Consider the following excerpt, from an article which appears in the Financial Times, in June 2020:
The UK’s determination to preserve its independence creates an additional risk hanging over the economy. The country is not a member of the EU, but depends hugely on access to EU markets. This year it must renegotiate its relationship with its big neighbour.
After a referendum vote in favour of tougher immigration controls, UK politicians must in the next 12 months implement curbs on EU migrants. The difficulty they face is squaring that with the EU principle of the free movement of people. The UK’s trading relationship with the EU is based on a web of bilateral contracts. In a worst-case scenario, those contracts could be terminated.
Failure to secure future access to EU markets and recruit skilled labour would pose a threat at least as great as a soaring currency. The uncertainty already worries UK business leaders.
Their assumption is that a pragmatic solution will be found; both sides would have much to lose and the EU has bigger problems to resolve without picking on the UK. But symbolically, the Prime Minister will spend the Brexit anniversary on Friday in Brussels meeting the European Commission president. Reaching a deal with the EU, a government spokesman says, “is probably the biggest challenge facing the UK in 2020”.
Is this complete fiction? My argument is that it is not, and the above excerpt is in fact taken from a piece by Ralph Atkins, in the FT of 14 January. Except that Atkins talks about Switzerland, today – the changes I have made are limited to substituting references to Switzerland with the UK…
Indeed, i is becoming increasingly clear that Brexit, if it happens, is unlikely to result in a severing of all ties between the UK and the EU. Two pieces published this week, by the EU Council’s former lawyer, Jean-Claude Piris in the FT, and by Jonathan Portes for The UK in a Changing Europe, draw attention to what is likely to happen in the event of a Brexit vote. Let me add my own voice to these analyses, as they are critical for the referendum vote.
It is now crystal clear that immigration is among the major concerns which may determine how votes go in the Brexit referendum. Voters may think that Brexit will mean that future UK governments will be able to limit immigration from the EU, in much the same way as they are able to limit non-EU immigration today. A return of full sovereignty over the UK’s external borders. However, they are likely to wake up in a very different world, with a big Brexit hangover. Why is that?
A Brexit vote means that the UK government needs to negotiate its withdrawal from the EU – see Art 50 of the Treaty on European Union. This is a legal requirement, binding on the UK, and it is of course a necessity of life, too, because withdrawal from the EU is a most complex kind of divorce, with a lot of joint assets and a thick web of legal commitments. The other EU leaders (the European Council) will give guidelines to the EU Commission, which will need to negotiate with the UK on the Brexit arrangements. There is a lot at stake here, both for the UK and for the EU. Although the contents and outcomes of this negotiation are in the realm of conjecture, there are clear forces, present today, which are likely to drive this negotiation. It seems highly implausible that the UK government would not want to maintain a high level of access to the EU internal market. It would definitely be under pressure, from the side of business, to minimise the Brexit disruption by maintaining market access as much as possible. But the EU will, in return, make demands. And it has always been part of the EU’s ethos that the internal market is about more than trade in goods and services: it includes free movement of persons. When the internal market was extended to the EFTA countries, in the early 1990s, through the EEA Agreement, free movement of persons was fully included. When Switzerland rejected the EEA, it subsequently requested a series of agreements on access to the internal market, but again the EU insisted that there be an agreement on free movement of persons. The above excerpt, in its original wording, concerns the issues Switzerland currently faces as a result of its own anti-immigration referendum.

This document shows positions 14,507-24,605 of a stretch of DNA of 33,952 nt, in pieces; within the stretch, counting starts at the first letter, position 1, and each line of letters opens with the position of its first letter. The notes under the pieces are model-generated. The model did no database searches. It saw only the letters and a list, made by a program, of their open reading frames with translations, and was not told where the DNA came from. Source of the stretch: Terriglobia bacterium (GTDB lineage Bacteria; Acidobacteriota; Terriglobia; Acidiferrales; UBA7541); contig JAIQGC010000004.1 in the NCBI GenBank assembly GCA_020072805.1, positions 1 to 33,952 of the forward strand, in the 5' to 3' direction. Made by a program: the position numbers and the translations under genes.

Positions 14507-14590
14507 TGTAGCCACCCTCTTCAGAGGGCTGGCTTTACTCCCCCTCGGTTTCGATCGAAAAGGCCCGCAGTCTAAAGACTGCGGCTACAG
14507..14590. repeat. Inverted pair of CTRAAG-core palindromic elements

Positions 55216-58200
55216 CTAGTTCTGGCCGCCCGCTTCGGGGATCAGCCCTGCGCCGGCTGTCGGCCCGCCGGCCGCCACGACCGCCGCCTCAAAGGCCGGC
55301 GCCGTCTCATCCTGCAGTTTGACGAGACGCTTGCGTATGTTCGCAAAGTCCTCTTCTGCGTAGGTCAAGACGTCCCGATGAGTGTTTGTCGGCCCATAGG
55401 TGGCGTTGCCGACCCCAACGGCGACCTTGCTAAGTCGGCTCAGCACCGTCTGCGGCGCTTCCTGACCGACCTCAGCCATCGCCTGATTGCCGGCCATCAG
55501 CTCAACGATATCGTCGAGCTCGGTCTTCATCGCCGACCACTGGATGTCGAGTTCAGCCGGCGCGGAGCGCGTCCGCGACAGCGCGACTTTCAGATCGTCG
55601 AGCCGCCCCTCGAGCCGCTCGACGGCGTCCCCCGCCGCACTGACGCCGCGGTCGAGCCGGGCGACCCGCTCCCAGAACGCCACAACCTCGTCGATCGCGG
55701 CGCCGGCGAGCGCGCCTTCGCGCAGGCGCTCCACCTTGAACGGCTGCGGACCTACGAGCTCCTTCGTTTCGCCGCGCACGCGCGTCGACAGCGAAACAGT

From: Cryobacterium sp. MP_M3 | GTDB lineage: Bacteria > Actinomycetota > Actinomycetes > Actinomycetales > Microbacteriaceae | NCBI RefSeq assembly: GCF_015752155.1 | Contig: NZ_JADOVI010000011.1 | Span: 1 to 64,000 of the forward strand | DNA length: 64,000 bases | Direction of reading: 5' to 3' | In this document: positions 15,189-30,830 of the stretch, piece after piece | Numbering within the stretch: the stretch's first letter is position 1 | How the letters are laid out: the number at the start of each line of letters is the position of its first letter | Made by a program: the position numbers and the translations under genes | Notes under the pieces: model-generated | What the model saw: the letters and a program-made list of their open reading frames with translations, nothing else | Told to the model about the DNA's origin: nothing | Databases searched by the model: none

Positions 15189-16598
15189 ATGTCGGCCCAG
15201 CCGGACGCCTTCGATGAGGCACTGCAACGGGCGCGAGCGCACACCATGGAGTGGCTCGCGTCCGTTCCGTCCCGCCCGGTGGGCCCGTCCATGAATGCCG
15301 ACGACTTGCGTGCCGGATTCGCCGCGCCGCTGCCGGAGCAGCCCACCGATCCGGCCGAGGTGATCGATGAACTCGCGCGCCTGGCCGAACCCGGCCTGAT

But in the UK, too, there will be forces advocating the continuation of free movement after a Brexit referendum: businesses, universities, perhaps even the NHS; and not to forget UK citizens living in other EU countries.
This last constituency highlights another dimension of the Brexit negotiation. The EU Commission is likely to insist that EU citizens currently living in the UK may continue to do so, and will not be discriminated against – in return of course for protecting the rights of these UK citizens living in Europe. If this were accepted, the status quo would linger on, making it even harder to move to an entirely different regime for new entrants (and leavers): why should they be treated differently?
Of course all this might be different if the main political parties made firm promises that a Brexit vote will mean a return to full immigration control, also for those from the EU. But neither the Conservatives nor Labour make such a promise. Those voters who choose Brexit with a view to the UK regaining such control are at great risk of being completely desillusioned with the ultimate outcome. This needs to be emphasised